Helpful articles to improve your own nature and landscape photography explorations. You will also see stunning landscape and nature photographs created by award winning landscape and nature photographer Melissa Fague.
Leading Me Into The Light is a high contrast colorized landscape photograph of the historic Brandywine Train tracks that once carried thousands of people to the Brandywine Spring Resort every year. Today, the Western Railroad Stream train uses the tracks for tours.
Autumn Reflections is a landscape photograph created on a little pond near Clayton Delaware to capture the stunning details in color of the autumn leaves and the heavy rolling clouds over the pond. When I arrived on the site, I instantly fell in love with the bold colors of the leaves on the trees across the pond, the stillness of the water, and the heavy clouds rolling in the sky. As I studied the scene, I notice how the clouds and the colors reflected off of the calm waters. The clouds, both in the sky and reflected, created these leading lines that kept drawing my attention back to the colorful autumn tree line.
Lost in Autumn Color is a landscape photograph of a cluster of trees in the center of a still pond in full autumn color. The image was created to capture the beautiful natural framing of the foreground trees that have not changed in color yet while showcasing the beautiful array of fall color in the center of the pond.
Landscape Photo Pixley Falls 1 created by Landscape Photographer Melissa Fague
There are many options to landscape photographers when it come to photographing water. If there is a river, creek, or stream that flows through the landscape scene you are about to photograph, think about the characteristic of it and how you should convey those characters in the final photograph. A large, slow moving river has a completely different look and feel than a fast moving mountain stream with rocks and boulders. The characteristics of the water can be the point of interest in the photograph or it can serve as a complimentary element in your composition by using it as a leading line, as a horizontal line, or as a shape simply by moving around the scene during the photo shoot.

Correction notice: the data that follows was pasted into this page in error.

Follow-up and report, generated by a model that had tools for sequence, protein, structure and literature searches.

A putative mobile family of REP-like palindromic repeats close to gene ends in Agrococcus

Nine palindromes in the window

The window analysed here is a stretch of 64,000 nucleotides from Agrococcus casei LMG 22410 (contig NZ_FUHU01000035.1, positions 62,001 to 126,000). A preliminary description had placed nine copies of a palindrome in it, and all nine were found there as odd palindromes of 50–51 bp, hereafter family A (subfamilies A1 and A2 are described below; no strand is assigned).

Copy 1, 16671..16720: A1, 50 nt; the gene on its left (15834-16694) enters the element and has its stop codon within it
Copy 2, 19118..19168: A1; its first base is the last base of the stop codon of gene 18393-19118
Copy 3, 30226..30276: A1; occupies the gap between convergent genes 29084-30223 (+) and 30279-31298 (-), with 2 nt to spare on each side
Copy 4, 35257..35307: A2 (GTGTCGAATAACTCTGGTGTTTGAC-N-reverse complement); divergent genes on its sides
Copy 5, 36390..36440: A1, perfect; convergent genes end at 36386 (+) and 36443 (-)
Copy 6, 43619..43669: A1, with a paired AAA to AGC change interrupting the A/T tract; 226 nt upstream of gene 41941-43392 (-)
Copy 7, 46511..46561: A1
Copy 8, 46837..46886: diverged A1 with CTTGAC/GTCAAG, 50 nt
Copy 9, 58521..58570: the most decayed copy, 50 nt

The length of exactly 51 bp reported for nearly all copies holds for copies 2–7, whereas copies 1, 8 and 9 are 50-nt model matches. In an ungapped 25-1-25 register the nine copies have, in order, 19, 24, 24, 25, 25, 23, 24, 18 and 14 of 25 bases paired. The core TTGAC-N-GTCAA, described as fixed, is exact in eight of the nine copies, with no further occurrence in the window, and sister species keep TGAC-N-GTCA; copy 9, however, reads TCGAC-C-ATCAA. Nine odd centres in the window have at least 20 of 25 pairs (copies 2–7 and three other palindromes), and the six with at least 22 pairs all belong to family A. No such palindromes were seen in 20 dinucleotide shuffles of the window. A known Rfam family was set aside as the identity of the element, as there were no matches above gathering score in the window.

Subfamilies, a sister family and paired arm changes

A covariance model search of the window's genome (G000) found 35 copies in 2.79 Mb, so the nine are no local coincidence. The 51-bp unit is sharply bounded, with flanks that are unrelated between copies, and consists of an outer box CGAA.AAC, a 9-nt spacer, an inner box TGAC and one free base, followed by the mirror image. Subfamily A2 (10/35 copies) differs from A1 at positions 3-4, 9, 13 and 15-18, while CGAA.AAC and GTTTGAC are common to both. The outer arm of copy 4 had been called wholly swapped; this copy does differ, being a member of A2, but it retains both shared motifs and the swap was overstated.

While on the location look carefully for any reflections on the surface of the water too. You have the option for the reflections to enhance the landscape photo. For instance, the colored reflections of bright autumn leaves can sometimes enhance the landscape photos. Or you may find that the reflections on the surface of the water takes away from the landscape scene, if this is the case you can reduce the glare and reflections by using a polarizing filter. If you don’t have a filter, moving around the scene could help you with the options to include the reflections or eliminate the as well. Worst case scenario, you return to the location when the sun is at a different angle to the water.
Wall art prints and licensing options for both landscape photographs are available through our online store PI Photography and Fine Art
A landscape photograph of the Reedy Point Rear Range (Lighthouse) against a clear winter blue sky right before the sun set. The Reedy Point Rear Range is located on Taylor’s Bridge Rd in Townsend, Delaware.
The Reedy Island Rear Range is one of several range lights that were built as part of a channel dredging project in the early 1900s along the Delaware River. The channel was built heading north from the Atlantic Ocean towards Philadelphia Pennsylvania; the channel is made a series of turns which lies close to the Delaware shore off Port Penn. All along the channel (the Delaware River) between the turns and the sediment navigation up and down the channel was a challenge in the early years. The Delaware River was one of the first locations in the US which employed the use of steel in the lighthouse and range construction. Because of the soft coastline along the Delaware shores permanent lighthouses could not withstand erosion and every time the channel was dredged the lighthouses would have to be moved. The use of steel allowed the engineers to move the structures fairly easily (in comparison to a wooden or concrete structure).
There was once a keeper’s house and shed that stood near the tower all of which were built in 1906 with funds from the original appropriation for the range. Eventually the light was automated and a keeper was no longer needed on the property so the house fell into disarray. The light station is still in use today but the light keeper’s house was destroyed in a fire in 2002 and the shed has seen better days.